The Harlem Renaissance was a movement in African-American culture and the arts that happened in the period between the first and second world wars, roughly from 1919 to 1935. It is named after Harlem, an area in the northern part of Manhattan Island (one of the five boroughs of New York City) running across the entire width of the island from the Hudson River to the East River between approximately 96th and 156th Streets. Although the area was historically settled by the Dutch, it became predominately African-American as a result of two major migrations, the first beginning in 1905 and the second continuing during the Great Migration, a massive exodus of African-Americans from the South where racial prejudice limited their opportunities.
Several factors influenced the cultural ferment that became the Harlem Renaissance. First, Harlem was a center of movements arguing for full racial equality for African-Americans and for respect for the dignity of African-American culture. This provided the groundwork for the development of distinctly African-American art forms. Second, migrants from the deep South brought to Harlem African American folklore and musical traditions such as blues, jazz, and spirituals. Third, as African American writers and musicians and artists congregated in Harlem, they supported and influenced each other. Increasing, Harlem clubs and theaters became venues which supported and promoted African-American work, in close proximity to the concentrated wealth of of Manhattan, which supplied many white customers and patrons for the work of African-American creators.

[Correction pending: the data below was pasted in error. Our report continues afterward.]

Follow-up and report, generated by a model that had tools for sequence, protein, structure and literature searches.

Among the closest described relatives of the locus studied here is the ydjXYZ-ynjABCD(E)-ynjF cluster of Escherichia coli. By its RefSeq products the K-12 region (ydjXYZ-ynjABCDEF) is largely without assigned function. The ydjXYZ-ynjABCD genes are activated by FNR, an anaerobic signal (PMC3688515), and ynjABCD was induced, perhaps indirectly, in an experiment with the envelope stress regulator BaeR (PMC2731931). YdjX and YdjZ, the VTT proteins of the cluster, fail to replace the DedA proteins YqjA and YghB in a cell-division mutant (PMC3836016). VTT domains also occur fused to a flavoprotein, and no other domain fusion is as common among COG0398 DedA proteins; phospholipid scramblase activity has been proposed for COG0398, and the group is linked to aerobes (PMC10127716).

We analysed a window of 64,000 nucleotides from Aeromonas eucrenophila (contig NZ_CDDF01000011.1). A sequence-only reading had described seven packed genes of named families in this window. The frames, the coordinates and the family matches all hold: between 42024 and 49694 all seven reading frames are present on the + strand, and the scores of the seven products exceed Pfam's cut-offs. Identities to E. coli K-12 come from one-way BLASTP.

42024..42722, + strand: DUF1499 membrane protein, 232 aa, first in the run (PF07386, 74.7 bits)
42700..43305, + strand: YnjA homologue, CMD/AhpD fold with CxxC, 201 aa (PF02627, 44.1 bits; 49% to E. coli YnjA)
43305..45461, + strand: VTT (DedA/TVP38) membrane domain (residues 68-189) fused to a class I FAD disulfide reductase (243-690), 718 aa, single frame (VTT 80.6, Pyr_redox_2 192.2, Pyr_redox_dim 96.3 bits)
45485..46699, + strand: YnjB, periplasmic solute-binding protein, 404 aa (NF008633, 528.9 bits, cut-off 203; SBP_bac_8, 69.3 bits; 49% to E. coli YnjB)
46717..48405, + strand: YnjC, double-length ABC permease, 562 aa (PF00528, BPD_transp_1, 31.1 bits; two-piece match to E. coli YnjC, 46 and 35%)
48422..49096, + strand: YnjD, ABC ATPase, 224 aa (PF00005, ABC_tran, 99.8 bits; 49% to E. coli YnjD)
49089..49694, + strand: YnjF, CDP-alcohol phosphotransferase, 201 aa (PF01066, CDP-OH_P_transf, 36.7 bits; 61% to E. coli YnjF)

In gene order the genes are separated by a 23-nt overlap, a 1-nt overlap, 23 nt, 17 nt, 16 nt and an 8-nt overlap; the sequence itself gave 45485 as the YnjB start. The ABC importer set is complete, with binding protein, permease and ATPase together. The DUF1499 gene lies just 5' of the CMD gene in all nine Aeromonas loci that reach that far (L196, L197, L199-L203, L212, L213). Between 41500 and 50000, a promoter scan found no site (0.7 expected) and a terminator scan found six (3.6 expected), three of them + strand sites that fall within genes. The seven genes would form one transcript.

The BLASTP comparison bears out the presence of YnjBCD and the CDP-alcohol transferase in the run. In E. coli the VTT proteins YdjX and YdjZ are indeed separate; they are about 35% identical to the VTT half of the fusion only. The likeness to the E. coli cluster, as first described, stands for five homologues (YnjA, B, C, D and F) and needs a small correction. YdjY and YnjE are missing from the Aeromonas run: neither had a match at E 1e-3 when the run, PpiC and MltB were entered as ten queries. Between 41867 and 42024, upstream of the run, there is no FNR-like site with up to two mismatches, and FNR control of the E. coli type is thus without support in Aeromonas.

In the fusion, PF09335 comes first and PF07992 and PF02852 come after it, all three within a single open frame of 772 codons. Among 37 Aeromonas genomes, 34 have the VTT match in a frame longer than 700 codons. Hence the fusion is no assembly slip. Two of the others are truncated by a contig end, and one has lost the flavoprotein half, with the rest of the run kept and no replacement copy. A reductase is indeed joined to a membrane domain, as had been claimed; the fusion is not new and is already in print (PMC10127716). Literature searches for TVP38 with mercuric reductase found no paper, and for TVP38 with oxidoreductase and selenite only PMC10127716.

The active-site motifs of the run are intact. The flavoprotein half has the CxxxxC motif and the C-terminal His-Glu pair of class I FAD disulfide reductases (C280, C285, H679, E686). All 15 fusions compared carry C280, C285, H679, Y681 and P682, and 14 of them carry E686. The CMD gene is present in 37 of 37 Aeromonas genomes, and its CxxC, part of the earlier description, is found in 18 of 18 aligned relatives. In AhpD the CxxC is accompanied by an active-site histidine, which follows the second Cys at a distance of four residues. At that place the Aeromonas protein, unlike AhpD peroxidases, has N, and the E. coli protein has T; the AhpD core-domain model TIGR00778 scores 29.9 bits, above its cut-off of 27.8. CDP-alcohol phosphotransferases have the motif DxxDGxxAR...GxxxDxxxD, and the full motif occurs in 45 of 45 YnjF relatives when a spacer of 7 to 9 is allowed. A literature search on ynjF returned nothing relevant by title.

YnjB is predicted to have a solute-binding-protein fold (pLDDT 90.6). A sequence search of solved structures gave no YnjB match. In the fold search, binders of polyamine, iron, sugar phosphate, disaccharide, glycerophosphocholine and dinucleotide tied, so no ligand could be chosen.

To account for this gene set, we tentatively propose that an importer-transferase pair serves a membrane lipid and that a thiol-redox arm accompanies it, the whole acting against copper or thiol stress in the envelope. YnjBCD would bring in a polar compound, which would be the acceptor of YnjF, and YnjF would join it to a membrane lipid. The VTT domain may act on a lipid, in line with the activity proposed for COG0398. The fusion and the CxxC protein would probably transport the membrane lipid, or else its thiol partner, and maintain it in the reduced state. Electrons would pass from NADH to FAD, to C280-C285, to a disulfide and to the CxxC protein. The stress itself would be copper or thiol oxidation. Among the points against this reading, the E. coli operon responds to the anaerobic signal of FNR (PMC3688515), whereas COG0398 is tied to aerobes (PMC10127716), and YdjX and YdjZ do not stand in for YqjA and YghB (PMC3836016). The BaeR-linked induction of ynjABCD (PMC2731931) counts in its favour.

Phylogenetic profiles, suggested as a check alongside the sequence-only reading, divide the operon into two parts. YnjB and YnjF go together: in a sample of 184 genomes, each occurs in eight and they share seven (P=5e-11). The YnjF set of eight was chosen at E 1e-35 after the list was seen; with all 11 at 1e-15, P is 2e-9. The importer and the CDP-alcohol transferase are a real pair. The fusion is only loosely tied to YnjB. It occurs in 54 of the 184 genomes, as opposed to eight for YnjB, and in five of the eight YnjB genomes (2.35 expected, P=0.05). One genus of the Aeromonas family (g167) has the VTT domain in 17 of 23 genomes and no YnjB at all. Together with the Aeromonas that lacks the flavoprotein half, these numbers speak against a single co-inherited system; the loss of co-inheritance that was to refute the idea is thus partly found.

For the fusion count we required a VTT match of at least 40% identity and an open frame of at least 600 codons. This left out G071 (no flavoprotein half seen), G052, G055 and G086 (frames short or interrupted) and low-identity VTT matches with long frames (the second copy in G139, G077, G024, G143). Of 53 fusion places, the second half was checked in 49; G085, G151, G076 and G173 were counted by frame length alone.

In music, Bessie Smith, Louis Armstrong, Billie Holiday, and Duke Ellington performed in Harlem and gave rise to the "jazz age." Anthologies of African-American work and magazines gave impetus to the careers of Countée Cullen, Langston Hughes, Du Bois, Zora Neal Hurston, and Jean Toomer, creating a virtuous cycle of increasing visibility and demand.